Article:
First off, let me just say that I’m quite hesitant to write this article. This whole week has been chaos due to the result of the presidential election. There were positive and negative responses to Donald Trump becoming the president elect. Like the non-Trump supporters, I too respond negatively to who our country has elected president. Unlike many previous elections, the Electoral College's decision struck more than disappointment -- it struck a lot more fear. Trump’s messages are mixed as he has constantly contradicts himself throughout his campaign. He has openly supported discrimination against people of different races, sexuality, religion, gender and disabilities.
Responses to his victory have hit the news once he surpassed the minimum required electoral votes to be president. Even at San Jose State, rallies have occurred on campus. The university’s notification emails have alerted students and faculty about attacks against individuals who strongly connect to hate crimes. With all this going on, it’s hard to keep an optimistic mindset -- especially when many of us spend more time fearing for our lives now. Social media still gives us little to no help in making us feel better as the advantage of having quick and easy access to news becomes a double-edged sword. Our feeds are still flooded with post-election thoughts and news about recent riots, attacks and other related articles or posts. Some of us are also wondering what to do now that the future of our lives, the lives of our loved ones, and the nation’s well-being seems beak. It seems like simply praying for a miracle is nearly impossible.
So here are five things you can do if you are wondering what to do when you know that those who are currently discriminated and fearing for their lives now that Trump will become President of the United States.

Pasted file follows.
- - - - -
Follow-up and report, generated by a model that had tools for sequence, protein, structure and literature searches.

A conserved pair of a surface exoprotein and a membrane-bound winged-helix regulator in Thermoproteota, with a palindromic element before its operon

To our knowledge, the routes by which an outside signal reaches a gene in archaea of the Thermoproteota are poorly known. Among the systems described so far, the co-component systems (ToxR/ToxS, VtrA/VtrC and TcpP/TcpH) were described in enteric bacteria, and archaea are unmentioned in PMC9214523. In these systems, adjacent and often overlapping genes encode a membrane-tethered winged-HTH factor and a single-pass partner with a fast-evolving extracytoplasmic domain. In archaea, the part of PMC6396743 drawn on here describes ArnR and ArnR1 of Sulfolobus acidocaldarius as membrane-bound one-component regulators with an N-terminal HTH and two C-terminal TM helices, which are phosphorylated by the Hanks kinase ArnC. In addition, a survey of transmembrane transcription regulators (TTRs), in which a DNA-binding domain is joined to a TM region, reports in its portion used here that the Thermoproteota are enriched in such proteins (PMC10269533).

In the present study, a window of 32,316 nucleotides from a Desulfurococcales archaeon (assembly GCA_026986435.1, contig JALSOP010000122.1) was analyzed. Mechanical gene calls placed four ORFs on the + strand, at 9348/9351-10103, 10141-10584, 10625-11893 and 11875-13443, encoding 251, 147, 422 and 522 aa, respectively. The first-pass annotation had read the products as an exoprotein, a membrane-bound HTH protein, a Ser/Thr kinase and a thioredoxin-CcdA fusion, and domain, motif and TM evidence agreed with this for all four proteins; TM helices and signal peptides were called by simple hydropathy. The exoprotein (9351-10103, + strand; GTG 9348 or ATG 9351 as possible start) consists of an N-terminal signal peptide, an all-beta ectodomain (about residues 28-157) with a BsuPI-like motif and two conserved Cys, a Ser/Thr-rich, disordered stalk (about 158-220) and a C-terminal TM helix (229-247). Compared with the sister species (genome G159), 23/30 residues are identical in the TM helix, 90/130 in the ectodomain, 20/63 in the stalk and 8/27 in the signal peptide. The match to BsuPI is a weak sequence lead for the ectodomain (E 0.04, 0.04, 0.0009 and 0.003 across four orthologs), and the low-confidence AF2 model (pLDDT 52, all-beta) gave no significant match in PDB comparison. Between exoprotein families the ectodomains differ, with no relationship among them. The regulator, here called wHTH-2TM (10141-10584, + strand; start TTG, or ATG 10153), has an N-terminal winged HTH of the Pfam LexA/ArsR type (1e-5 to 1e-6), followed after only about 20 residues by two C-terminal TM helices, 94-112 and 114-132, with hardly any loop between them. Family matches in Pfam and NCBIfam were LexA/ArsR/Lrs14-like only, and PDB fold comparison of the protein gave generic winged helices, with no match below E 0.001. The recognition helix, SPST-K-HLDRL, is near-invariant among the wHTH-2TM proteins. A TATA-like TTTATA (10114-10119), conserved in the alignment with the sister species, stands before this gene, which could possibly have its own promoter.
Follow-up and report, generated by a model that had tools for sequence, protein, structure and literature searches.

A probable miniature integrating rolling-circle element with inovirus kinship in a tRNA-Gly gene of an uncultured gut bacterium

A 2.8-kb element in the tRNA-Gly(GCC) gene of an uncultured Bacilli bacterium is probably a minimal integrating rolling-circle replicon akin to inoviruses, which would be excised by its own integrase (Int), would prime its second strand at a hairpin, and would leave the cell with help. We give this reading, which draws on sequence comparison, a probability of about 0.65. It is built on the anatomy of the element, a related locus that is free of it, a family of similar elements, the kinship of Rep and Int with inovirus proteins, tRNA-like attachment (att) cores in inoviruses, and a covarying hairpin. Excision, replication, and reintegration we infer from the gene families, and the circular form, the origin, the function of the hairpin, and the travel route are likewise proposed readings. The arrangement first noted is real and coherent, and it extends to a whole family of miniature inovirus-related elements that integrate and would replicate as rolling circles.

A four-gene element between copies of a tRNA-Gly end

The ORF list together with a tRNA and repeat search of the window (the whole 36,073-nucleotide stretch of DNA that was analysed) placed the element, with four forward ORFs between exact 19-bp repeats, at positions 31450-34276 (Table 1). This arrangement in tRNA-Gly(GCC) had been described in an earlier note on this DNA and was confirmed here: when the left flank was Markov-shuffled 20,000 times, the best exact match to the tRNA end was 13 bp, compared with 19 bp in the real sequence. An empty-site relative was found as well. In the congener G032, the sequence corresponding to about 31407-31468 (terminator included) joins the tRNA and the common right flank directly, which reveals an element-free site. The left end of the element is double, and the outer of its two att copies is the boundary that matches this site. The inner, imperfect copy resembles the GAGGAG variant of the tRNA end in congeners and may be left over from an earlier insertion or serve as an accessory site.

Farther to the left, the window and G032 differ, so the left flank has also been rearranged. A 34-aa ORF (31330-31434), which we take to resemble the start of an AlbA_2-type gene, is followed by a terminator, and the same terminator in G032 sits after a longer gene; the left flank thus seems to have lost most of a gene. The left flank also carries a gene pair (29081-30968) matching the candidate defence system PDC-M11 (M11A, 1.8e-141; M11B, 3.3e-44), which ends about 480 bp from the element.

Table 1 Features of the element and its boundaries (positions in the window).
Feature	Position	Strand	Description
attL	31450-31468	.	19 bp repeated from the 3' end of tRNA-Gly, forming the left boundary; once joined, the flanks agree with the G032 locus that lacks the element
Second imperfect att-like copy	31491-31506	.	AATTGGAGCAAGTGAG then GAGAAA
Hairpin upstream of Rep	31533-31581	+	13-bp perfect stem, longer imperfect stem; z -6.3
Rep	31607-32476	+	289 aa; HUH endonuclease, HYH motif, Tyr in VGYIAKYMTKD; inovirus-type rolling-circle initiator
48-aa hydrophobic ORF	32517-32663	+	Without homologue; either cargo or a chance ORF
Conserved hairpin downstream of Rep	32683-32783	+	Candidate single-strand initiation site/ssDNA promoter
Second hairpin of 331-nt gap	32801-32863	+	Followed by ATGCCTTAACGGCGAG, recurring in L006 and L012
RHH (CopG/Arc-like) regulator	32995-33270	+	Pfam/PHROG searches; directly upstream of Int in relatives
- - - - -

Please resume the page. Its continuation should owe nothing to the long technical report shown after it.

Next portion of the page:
1. Donate your time and/or money to nonprofit charities.
With Trump’s questionable motives on his policies involving women, the LGBTQA+* community, immigrants, and health care, the least we can do is support the LGBTQA+ community, women's rights community, people of color empowerment movements, homeless policy movements and disability rights movements. There are many organizations dedicated to not only helping these groups but also educating others about them. Whether you volunteer by feeding the homeless, participating in events that support these groups or encouraging those who identify themselves as one or more of these groups to run for office, it’s one of the many ways you can say that you stand behind them and see them as more that what society views them. Overall, be familiar with nonprofits that endorses diversity, love, inclusiveness and support, and dedicate yourself by volunteering or sparing a few dollars to help them.
2. Educate yourselves on the issues going on.
Yes, the news is not always happy and enjoyable. With shootings, protests and politics flashing before our eyes, we often try to turn off the television as soon as possible. However, ignoring the problems before us is never going to solve it.